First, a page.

For example, some of my major markets are authors, speakers and consultants. I try to attend the major trade shows and seminars in each of these fields. You have to be selective or you’ll be spending all your time and money attending these events. Be selective, but go.

Attend seminars where you’ll both learn a lot and find good prospects for your products and services. The key at these events is to ask great questions strategically and contribute “brilliant” comments early in the event. Look for your opportunities and pounce on them. People will come up to you at the breaks and ask for your card and contact information.

Networking with the movers and shakers
Find people who are the “in crowd” in your market and get to know them. Befriend them. Find ways to help them and they will in turn help you.

Try this easy technique with people with whom you wish to ingratiate yourself. Go up and introduce yourself and ask “How can I help you?” By pre-empting the conversation and making yourself the one offering assistance, you make yourself a very popular person indeed!

Keep Files of Stories, Quotations and Statistics

You need to keep files of three major types of items: stories, quotations and statistics. Separate them by topics or subject matter so you can find appropriate ones to use later on.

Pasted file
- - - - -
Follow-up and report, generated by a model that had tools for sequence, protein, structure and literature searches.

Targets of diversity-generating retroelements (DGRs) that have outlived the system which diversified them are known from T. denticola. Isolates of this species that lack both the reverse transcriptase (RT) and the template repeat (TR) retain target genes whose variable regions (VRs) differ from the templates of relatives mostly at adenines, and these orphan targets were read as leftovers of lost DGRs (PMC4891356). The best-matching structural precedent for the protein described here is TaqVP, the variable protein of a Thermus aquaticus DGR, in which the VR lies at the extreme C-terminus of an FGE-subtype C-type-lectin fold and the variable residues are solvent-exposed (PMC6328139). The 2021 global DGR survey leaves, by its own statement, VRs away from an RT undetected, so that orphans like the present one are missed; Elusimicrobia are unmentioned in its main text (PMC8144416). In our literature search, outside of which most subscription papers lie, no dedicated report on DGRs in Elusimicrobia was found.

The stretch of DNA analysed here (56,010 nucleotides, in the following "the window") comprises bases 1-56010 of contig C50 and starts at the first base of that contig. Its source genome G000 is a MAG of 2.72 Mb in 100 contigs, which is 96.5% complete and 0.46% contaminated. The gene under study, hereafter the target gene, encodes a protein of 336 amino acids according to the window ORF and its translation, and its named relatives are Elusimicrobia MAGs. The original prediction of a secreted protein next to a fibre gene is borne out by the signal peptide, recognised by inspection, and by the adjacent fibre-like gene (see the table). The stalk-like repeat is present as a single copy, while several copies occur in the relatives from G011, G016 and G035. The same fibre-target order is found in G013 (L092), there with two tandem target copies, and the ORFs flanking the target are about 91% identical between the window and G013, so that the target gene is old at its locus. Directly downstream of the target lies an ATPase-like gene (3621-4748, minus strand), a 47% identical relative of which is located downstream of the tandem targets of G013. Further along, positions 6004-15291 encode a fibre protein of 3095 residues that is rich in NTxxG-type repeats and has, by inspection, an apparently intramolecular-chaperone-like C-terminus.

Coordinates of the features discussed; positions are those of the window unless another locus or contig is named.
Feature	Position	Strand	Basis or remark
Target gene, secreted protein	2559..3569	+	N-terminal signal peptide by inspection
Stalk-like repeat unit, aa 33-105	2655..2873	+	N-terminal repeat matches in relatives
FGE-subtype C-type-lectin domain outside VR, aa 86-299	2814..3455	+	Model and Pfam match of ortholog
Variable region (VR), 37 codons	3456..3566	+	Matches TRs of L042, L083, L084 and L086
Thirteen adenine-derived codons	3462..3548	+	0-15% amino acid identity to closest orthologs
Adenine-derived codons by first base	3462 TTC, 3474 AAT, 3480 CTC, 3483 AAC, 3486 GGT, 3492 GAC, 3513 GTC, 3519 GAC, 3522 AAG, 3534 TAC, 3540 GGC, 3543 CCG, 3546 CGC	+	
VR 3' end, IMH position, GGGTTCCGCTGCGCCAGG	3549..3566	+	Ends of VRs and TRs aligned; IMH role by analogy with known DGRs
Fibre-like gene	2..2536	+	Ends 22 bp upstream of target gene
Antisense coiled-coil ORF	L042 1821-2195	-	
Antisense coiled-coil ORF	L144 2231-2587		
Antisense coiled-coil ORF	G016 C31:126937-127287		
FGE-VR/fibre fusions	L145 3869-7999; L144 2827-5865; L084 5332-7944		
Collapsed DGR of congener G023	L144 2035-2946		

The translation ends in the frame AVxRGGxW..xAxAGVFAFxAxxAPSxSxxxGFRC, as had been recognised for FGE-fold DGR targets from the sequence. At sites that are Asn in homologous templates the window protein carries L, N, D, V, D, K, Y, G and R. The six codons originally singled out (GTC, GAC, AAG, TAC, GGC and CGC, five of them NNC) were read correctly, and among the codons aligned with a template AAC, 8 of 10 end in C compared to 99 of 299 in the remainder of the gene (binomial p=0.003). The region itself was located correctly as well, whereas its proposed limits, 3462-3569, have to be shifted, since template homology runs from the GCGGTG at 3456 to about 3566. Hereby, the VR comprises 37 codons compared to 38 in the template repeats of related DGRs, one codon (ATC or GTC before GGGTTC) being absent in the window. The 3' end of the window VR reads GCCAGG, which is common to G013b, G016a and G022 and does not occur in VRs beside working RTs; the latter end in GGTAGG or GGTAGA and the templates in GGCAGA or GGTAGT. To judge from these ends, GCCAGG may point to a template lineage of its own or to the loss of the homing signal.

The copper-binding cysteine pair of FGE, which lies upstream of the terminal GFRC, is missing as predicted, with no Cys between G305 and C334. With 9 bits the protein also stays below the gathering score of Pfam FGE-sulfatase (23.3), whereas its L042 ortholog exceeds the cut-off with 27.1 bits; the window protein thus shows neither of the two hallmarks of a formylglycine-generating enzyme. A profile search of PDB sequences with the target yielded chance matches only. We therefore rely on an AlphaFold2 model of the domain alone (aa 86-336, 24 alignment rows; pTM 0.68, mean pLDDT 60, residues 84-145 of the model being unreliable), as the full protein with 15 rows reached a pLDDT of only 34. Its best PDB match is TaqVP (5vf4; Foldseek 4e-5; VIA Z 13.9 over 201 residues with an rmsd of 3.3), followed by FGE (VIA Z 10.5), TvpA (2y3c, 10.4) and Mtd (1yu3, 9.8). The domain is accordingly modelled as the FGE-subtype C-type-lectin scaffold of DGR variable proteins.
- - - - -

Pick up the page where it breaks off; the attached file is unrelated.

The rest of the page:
Don’t worry about where you’ll use these bits of information. Just get them into your computer. You’ll find places to use the good ones.

By the way, you don’t need to go buy some big, expensive relational database program to store this stuff. My partner and colleague Dan Shafer, who is a real technology guru besides being a renowned writer and speaker, recommends a simple shareware program called EZGather for the storage of information like notes, quotations, and statistics. You can get a 30-day free trial of the program at www.unvisibleuniverse. com/infoEZgather.html and the shareware registration fee is only $10. The program works on Macs and on Windows machines and is ridiculously easy to use. 

Additional Reading:

Cultivate Characteristics of a Great Speaker
Keep Improving Yourself Professionally
Develop and Exploit Your Own Style
Taking Care of Your Voice 
Know What You MUST Know About the Competition
Setting Measurable Goals for Your Event
Selecting Your Topic
Titling Your Event
Structuring and Designing Your Seminar
Creating a Dynamite Opening and Closing
Preparing Handouts and Workbooks 
Scheduling Considerations